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Green Food Project

11-Jul-2012

A major study into how Britain’s entire food system must change to keep food affordable without destroying nature, at a time of soaring world population growth, has been unveiled by Farming Minister, Jim Paice.

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The initial report of the Green Food Project sets out the first steps on the road to: using less energy and water in food production; increasing crop yields; introducing more innovative technology; improving conservation management; and boosting numbers of talented, entrepreneurial young people making careers in the food industry.

Speaking about the Green Food Project this week on the BBC Radio Four Farming Today programme, Jim Paice said;

“The important thing is the whole issue of how you actually produce more food and do so completely sustainably, because if we are going to feed the world in the next 40-50 years as the population grows dramatically, we have got to learn to produce more food from basically a limited resource.”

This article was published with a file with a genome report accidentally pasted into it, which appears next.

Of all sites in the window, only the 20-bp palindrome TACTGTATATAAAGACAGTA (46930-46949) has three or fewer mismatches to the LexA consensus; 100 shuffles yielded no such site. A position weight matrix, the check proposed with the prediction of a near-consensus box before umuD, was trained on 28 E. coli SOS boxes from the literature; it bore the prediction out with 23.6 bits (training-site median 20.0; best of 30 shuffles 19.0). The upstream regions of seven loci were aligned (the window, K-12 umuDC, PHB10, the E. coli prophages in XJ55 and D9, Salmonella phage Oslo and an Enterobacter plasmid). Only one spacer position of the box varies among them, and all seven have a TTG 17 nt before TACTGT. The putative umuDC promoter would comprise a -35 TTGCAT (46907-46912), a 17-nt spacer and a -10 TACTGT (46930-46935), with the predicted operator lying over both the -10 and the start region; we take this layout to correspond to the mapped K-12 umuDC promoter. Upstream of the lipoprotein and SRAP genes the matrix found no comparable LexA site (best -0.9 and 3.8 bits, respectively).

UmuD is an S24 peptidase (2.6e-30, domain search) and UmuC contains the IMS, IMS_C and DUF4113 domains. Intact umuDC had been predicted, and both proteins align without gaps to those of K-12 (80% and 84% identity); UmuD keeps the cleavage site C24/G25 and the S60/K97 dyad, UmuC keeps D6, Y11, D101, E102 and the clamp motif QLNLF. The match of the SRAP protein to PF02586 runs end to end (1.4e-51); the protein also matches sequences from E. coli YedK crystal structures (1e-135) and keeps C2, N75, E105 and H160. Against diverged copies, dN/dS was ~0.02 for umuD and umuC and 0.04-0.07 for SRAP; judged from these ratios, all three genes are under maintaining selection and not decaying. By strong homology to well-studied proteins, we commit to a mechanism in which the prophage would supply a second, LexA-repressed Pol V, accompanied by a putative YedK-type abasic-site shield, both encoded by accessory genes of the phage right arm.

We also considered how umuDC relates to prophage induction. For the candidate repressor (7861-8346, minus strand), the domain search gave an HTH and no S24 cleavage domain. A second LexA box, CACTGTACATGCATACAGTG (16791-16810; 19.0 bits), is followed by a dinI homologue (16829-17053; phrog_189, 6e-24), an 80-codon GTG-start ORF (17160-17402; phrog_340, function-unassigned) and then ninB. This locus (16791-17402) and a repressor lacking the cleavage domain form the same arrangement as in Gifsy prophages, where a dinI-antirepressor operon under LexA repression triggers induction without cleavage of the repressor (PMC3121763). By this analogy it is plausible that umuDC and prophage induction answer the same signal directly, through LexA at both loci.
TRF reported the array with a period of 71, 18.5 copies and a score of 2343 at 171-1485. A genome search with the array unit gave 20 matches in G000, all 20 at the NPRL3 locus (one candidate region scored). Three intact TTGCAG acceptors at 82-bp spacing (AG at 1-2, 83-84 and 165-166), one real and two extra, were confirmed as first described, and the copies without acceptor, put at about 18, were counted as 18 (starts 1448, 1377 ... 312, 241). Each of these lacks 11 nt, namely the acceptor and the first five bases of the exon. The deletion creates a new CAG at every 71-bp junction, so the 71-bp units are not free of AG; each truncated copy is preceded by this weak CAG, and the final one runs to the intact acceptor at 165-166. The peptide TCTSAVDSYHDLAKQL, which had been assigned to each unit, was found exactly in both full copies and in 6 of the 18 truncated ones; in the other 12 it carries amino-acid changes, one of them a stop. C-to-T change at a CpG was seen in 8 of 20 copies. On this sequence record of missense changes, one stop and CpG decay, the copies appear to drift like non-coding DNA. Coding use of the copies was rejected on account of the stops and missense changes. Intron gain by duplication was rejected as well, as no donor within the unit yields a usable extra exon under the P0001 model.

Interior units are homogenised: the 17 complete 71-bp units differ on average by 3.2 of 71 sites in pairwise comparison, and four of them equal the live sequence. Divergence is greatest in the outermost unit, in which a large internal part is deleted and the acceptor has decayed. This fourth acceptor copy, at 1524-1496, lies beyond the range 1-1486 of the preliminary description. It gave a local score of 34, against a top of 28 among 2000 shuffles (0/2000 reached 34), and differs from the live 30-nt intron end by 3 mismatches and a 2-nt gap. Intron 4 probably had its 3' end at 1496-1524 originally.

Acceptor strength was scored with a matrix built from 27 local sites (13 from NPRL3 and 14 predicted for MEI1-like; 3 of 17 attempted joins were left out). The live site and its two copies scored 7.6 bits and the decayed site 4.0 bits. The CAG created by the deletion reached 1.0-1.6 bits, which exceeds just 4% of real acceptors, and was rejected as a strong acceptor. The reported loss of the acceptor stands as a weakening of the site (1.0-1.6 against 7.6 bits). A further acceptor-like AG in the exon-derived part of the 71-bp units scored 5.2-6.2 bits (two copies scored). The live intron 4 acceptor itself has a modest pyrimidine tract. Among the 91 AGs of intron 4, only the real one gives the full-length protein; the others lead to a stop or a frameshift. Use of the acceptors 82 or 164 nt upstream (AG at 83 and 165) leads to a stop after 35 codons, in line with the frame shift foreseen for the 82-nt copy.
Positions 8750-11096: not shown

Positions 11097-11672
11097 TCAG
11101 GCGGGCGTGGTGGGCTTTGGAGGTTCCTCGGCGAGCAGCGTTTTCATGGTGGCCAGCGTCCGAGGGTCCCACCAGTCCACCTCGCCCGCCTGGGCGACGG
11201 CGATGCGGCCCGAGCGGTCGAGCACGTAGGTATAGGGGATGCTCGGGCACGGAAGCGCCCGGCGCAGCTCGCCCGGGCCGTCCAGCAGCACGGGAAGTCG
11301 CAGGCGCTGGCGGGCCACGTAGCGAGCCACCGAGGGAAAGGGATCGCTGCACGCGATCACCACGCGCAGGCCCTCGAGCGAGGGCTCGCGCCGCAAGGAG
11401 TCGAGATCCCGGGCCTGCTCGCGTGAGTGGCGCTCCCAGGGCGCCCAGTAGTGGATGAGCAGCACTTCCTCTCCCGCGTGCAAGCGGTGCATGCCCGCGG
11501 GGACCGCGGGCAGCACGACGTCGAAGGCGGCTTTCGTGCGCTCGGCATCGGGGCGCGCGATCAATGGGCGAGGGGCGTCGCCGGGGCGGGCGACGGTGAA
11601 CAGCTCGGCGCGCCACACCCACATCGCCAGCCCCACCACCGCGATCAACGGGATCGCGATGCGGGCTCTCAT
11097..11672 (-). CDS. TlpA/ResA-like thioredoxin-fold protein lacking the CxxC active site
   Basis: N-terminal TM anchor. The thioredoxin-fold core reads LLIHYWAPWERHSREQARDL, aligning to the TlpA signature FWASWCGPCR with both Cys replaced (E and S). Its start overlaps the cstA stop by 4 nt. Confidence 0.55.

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The UK Egg Laying Sector

UK egg producers are a perfect example of a sector that has already made enormous progress towards the objectives contained in the Green Food Project. As a food source, eggs are naturally one of the most efficient and sustainable ways producing healthy food for a growing population.

Use of advanced quantitative genetics , pioneered by Hendrix Genetics, have dramatically prolonged the laying lives and egg numbers that each bird can achieve. The target of 500 eggs in 100 weeks, per bird is now a reality that would have seemed an impossibility only a few years ago. Looking to the future the use of  genomics offers even faster and more accurate progress, bringing the chance to select for both consumer preference and bird welfare traits.

The cumulative impacts of these advances will lead to increasing improvements in animal welfare, reduced energy consumption, lowered fuel emissions and the potential to dramatically increase food supply in a naturally sustainable way, with the least environmental impacts.

These are precisely the aims set out in the Green Food Project.

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